Chief Superintendent Andy Bates told the Evening Times he will stop any crooks intent on creating a crime spike.
He said: "I don't have any fears there will be an increase in criminality at the Commonwealth Games.
"Because we won't let it happen."
A massive police operation is already underway to keep Glasgow people - and the city's one million visitors - safe during the 11-day sporting extravaganza.
However, Mr Bates, Divisional Commander for Greater Glasgow, remained tight-lipped about number of extra officers that will be drafted in the city.
He said: "During the Commonwealth Games, the visible police presence will be high, but it will be proportionate to the number of visitors.
"We are drafting in officers in from other areas of the city, and other parts of the country, including Aberdeen and Edinburgh.
"But I want to reassure people other parts of Glasgow, and other parts of the country, will not be striped bare of police.
"It will be business as usual in unusual circumstances.
"And the extra one million visitors will leave Glasgow at the end of the Games with a very positive impression of Police Scotland."
Intelligence-gathering operations are already underway, with police offices across the country feeding information to a central location.
Mr Bates pledged he and his officers are "alive" to any possible criminality and believes the Games will be a resounding success.
Scores of extra officers will be on duty from the arrival of the Queen's Baton on June 14 until the closure of the athletes' village on August 5.
Police are not specific giving details of how Glasgow will be policed during the Games.
However, Mr Bates acknowledged the public will see more uniformed officers around Games venues, the city centre, and transport hubs.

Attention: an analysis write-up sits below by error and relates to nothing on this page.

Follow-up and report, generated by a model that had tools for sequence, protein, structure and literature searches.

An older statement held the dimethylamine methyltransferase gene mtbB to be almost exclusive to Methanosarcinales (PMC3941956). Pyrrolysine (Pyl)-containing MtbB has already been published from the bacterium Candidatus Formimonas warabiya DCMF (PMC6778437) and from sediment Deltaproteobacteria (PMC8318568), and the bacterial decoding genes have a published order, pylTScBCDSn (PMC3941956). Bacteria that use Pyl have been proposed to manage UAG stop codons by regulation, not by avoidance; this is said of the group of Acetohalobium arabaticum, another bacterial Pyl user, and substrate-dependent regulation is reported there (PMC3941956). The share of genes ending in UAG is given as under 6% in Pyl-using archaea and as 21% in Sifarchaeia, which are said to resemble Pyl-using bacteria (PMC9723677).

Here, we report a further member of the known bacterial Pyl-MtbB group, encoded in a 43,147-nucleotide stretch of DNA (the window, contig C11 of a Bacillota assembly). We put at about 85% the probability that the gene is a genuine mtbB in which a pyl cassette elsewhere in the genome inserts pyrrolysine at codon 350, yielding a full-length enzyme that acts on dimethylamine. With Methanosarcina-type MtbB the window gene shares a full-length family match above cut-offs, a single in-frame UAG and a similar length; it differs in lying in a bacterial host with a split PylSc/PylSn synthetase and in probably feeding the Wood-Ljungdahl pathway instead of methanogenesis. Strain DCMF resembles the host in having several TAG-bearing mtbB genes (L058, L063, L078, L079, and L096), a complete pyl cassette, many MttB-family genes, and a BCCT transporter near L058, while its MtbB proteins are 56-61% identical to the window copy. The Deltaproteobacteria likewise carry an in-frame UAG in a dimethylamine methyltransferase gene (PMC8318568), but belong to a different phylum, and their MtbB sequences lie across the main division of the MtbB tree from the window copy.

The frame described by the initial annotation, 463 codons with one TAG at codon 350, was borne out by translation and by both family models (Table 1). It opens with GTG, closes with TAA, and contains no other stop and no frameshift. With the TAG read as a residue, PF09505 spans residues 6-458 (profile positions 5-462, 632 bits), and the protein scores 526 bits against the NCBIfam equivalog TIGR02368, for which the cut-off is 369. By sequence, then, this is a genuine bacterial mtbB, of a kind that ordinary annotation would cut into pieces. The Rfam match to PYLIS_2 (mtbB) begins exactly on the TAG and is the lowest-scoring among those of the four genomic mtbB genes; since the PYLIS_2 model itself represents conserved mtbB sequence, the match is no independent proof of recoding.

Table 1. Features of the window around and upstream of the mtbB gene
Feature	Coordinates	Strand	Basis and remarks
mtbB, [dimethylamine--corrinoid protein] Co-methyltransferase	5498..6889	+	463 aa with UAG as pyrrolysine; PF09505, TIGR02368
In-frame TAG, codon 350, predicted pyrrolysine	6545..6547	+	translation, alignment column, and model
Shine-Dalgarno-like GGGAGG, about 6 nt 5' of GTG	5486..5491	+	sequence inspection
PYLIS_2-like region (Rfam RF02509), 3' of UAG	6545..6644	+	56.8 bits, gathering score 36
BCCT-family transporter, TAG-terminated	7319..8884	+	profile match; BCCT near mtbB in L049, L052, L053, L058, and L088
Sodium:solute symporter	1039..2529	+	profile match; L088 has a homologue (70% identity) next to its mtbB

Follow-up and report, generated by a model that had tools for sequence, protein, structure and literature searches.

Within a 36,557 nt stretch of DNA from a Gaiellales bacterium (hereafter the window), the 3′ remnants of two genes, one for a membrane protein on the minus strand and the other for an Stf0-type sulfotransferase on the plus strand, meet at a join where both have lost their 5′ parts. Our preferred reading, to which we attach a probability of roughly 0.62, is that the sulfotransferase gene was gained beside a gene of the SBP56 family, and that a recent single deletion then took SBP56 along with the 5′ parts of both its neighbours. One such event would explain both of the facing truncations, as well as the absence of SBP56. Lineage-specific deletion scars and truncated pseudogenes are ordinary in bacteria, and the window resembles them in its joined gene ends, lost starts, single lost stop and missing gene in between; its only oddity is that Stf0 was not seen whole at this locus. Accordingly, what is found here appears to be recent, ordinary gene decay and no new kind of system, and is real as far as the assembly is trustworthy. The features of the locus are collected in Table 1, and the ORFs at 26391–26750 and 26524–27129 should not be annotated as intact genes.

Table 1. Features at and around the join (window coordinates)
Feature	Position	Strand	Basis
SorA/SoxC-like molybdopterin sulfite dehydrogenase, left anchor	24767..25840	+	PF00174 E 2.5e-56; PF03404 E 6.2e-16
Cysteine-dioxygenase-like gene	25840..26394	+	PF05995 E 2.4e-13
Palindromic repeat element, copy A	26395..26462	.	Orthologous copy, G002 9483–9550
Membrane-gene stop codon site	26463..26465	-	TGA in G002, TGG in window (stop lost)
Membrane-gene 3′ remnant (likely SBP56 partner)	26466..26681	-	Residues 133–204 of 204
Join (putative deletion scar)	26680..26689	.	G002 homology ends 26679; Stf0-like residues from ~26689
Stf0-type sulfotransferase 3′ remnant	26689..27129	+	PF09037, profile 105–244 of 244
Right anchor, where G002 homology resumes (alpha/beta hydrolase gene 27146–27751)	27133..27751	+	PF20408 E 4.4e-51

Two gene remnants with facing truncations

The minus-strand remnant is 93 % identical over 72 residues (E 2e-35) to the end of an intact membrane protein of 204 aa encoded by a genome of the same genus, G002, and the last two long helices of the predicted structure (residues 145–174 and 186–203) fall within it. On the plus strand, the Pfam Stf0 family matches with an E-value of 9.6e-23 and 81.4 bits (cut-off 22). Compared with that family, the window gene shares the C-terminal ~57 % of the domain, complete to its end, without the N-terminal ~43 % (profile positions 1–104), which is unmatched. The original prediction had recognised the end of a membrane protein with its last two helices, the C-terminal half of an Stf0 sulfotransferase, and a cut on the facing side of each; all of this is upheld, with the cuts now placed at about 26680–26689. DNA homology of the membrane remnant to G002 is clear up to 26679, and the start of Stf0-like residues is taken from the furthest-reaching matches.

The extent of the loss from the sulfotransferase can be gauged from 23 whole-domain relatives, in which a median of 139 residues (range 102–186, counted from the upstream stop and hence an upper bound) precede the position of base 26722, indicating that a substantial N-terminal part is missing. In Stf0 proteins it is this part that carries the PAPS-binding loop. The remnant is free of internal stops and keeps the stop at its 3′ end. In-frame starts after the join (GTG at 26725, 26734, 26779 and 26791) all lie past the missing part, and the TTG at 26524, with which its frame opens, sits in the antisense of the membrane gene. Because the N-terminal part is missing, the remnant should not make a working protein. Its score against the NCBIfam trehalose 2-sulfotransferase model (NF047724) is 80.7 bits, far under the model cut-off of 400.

"Police in Greater Glasgow have a great deal of experience in responding to major events," Mr Bates said.
"Hampden Park, Celtic Park, Ibrox Stadium, and Firhill Stadium are all in Greater Glasgow.
"So our cops are used to policing big football matches, and massive cup finals, we know what we are doing.
"We also have to police more parades. protests, marches and outdoor concerts, than any other division in the country.
"I believe the success of this operation is all down to the amount of meticulous planning we do."
Mr Bates said the key is to strike a balance between delivering a safe and secure Commonwealth Games, while the maintain the high-level of day-to-day policing.
POLICE patrols and specialist officers are being bussed in from across Scotland with 15 of the venues being in Glasgow.
Several of the countries taking part have bad human rights records, including Sri Lanka, and police say they are "alive" to potential protesters.
Mr Bates said: "Officers in Greater Glasgow have a great deal of experience of policing football finals, parades and walks.
"And the vast majority pass without any incidents. When someone says to me "That protest, or that event, was a damp squib", I say: "Thank you".
"To me, that means the event has passed without any serious incidents and has been policed successfully."
Police visited Delhi while the city hosted the 2010 Commonwealth Games and say officers learned "many lessons".
Meanwhile, training is already under way for officers who will accompany the Queen's Baton when it arrives in Scotland.
Each officer will have to run half a marathon a day for 40 days - and be prepared for any eventuality.
The Queen's Baton arrives back in Scotland on June 14, accompanied by 20 Police Scotland officers.
It will then travel through 450 towns and villages, visiting schools and community centres, as well as touring the streets.
The security squad is taking part in training programmes designed to prepare them for any potential incident. Mr Bates added: "We are really looking forward to the rest of 2014, and the Commonwealth Games are just a part of it.
"It's going to be a massive year for Glasgow and everyone at Police Scotland really can't wait."